Black Crappies on the fly [Archive] - Fly Fishing Forum

: Black Crappies on the fly

07-03-2009, 05:33 PM
Anyone had any consistent luck with crappies on the flyrod?

After the spring Cape Cod striper trip, as summer arrives and the trout in the local put-and-take venues start getting stressed, I pull out the float tube and mess with the panfish.

Every year, I marvel at the beauty and strength of the lowly pumpkinseed. From my float tube on a two-weight rod, they are a blast. And every so often, a bass will take the little yellow foam spider, or a bass or pike will take one of those little keychain-size pumpkinseeds or bluegills that manage to suck in the fly.

Today, I float-tubed a small pond in the middle of a large wetland area. My quarry was the pumpkinseed and bluegill, but NYS DEC information said the pond also contained black crappie.

The panfish were numerous but seemed stunted; all in the 4-5" range. I guessed the pond doesn't get much fishing pressure and must not contain any/enough predator fish. I couldn't find the nesting areas where I would hope to hook some bigger ones. It's hard to cover a lot of ground with my Outcast FatCat. It's "faster" than my regular innertube-type float tube, but no substitute for a canoe when prospecting new water.

Anyway, I caught all the little fish I cared to catch and decided to drag the fly (a floating yellow sponge spider) across the middle of the pond on my way back to the launch... I was too lazy to change to a streamer or damsel nymph. After just a short while, I hooked a fish. It was a black crappie. I thought it was just a fluke that a crappie would hit a dragged surface fly. I stopped where I was and casted back to the spot where I hooked the fish.

For the next hour or so, I caught a crappie on probably 8 out of ten casts. They were slashing at the sponge bug as it floated. I finally gave up as I was getting hungry and desperately needed to download several cups of processed coffee.

I'm thinking of returning tomorrow and taking some home for a fish fry. But you know how THAT goes... I'll probably get skunked if I return.

I don't know much about crappies, but I was under the impression they were primarily minnow eaters and difficult to catch consistently on the flyrod. Has anyone had any experience with them?

Good fishing,

07-04-2009, 04:20 PM
Great report :cool: Panfish are a blast!

I don't generally target crappies but I always enjoy it when I stumble across them because you can often catch a bunch if you stay on them. When you find some big ones they fight pretty good too. They usually seem quite willing to participate but are sometimes hard to hook because of the way they swipe at the fly. I've had good luck with foam ants/spiders, woolly buggers and rabbit strip flies. The last time I found some crappies I was using a black rabbit strip fly and I ended up cutting off the heavy mono weed guards because they seemed to be making me miss a lot of fish. I think I caught about 8 in a row after that. Lots of fun!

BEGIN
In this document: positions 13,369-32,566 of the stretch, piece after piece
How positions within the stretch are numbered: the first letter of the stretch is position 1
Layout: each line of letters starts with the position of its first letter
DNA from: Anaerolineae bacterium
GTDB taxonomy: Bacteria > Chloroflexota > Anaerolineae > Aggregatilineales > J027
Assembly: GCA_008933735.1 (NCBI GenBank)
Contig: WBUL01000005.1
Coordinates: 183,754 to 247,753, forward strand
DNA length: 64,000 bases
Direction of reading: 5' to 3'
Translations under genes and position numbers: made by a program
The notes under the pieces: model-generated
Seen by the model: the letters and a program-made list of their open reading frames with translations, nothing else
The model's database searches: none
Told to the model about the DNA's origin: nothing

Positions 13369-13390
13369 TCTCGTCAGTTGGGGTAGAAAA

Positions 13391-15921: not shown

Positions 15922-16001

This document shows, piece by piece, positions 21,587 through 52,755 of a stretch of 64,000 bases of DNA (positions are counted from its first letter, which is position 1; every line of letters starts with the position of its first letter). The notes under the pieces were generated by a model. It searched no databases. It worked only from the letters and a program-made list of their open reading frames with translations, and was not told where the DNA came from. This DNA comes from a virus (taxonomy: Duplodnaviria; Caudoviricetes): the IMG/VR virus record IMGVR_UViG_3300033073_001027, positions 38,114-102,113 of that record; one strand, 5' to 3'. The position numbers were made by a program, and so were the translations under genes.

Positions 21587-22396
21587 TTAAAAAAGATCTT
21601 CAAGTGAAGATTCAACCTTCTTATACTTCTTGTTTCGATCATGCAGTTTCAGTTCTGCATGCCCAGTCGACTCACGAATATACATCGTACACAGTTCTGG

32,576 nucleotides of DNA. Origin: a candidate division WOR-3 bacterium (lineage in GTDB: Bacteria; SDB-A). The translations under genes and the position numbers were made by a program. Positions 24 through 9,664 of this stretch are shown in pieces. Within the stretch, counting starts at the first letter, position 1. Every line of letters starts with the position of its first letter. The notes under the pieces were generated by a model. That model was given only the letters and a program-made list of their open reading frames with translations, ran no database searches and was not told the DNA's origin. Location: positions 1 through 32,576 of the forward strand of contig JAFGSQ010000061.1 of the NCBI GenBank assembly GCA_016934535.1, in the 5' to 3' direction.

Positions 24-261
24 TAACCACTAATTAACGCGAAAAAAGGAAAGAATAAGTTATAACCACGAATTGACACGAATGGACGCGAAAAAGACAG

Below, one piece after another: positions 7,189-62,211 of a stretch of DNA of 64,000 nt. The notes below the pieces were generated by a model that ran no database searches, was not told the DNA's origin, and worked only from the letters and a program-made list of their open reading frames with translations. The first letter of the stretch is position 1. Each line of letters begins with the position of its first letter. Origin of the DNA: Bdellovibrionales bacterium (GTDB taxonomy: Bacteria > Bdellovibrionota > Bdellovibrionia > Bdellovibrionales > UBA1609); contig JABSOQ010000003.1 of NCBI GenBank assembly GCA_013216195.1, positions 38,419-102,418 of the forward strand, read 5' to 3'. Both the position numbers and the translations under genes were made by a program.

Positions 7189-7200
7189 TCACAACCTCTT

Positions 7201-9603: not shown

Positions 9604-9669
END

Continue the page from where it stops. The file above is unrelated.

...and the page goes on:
07-05-2009, 08:45 PM
I didn't go back to the pond with the crappies... the weather was finally nice today -- no thunderstorms in sight-- so I went to a small lake I've fished a few times.

My quarry were the pumpkinseeds and bluegills. I put my Super Fat Cat in at a different spot and tried some new territory. I didn't have much luck finding the larger panfish, but I caught a LOT of small ones. I also found a stretch of shoreline that held some smallmouth bass.

It was a pleasant surprise to hook a couple of decent ones. It's funny... after catching dozens of tiny panfish using the little two-weight rod, having a 10-12" smallmouth grab the fly actually startled me. Some of the larger ones didn't seem to realize right away that they were hooked. When they finally figured out what was happening and turned on the afterburners, it was a rush. I love to see them jump! :biggrin:

I have one day of vacation left. Just a 30% chance of afternoon thunderstorms tomorrow, so I'll be out in the tube in the morning. A couple of the rivers I wanted to try are still high, fast and off-color due to all the rain this week. I'll have to hit one of the local lakes again.

Good fishing,

07-06-2009, 04:53 PM
Bob, great reports! Sorry we didn't fish together more on the Cape. Hope you did well. I had my bewt May/June for the past 10 years on quality.

Trout fishing is NW PA is still excellent with the cool days/nights. As the water warms, it is smallmouth/muskie fishing in the early a.m. I have yet to catch a muskie on the fly, but this might be the year.

I'll be back on the Cape after Labor Day.

07-21-2009, 08:01 AM

I've been taunting the crappie this summer. My son's favorite pond has a good population of crappie and it's a good way to spend some time with him.

I've been having good luck with small white and chartreuse streamers about 1.5 inches long tied on a #2 saltwater hook. The flies were originally intended as saltwater baitfish attractor patterns but I've found they work well on the minnow-loving crappie. I tie them with a silver braid body and a chartreuse over white wing made of craft fur. The heavy hook and craft fur should combine to make a near neutral density fly that sinks slowly when not retrieved. Many strikes come as the fly sinks slowly.

The most productive retrieve I've found is to make slow 4" strips, with pauses. Most strikes are very light as I think the crappie just inhale the fly and there is no firm strike. One key is to keep the rod tip in the water and watch the line/leader for any change in tension or direction. Also, be sure to watch the fly. If it disappears, it is because a sneaky crappie has sucked the fly into it's mouth without even a tug on the line. Strike fast or the crappie will spit out the imitation.

Of course, the occasional yellow perch or bluegill will take this fly as well. In fact, bass and pickerel will take the fly if you use a more aggressive retrieve.

Have fun,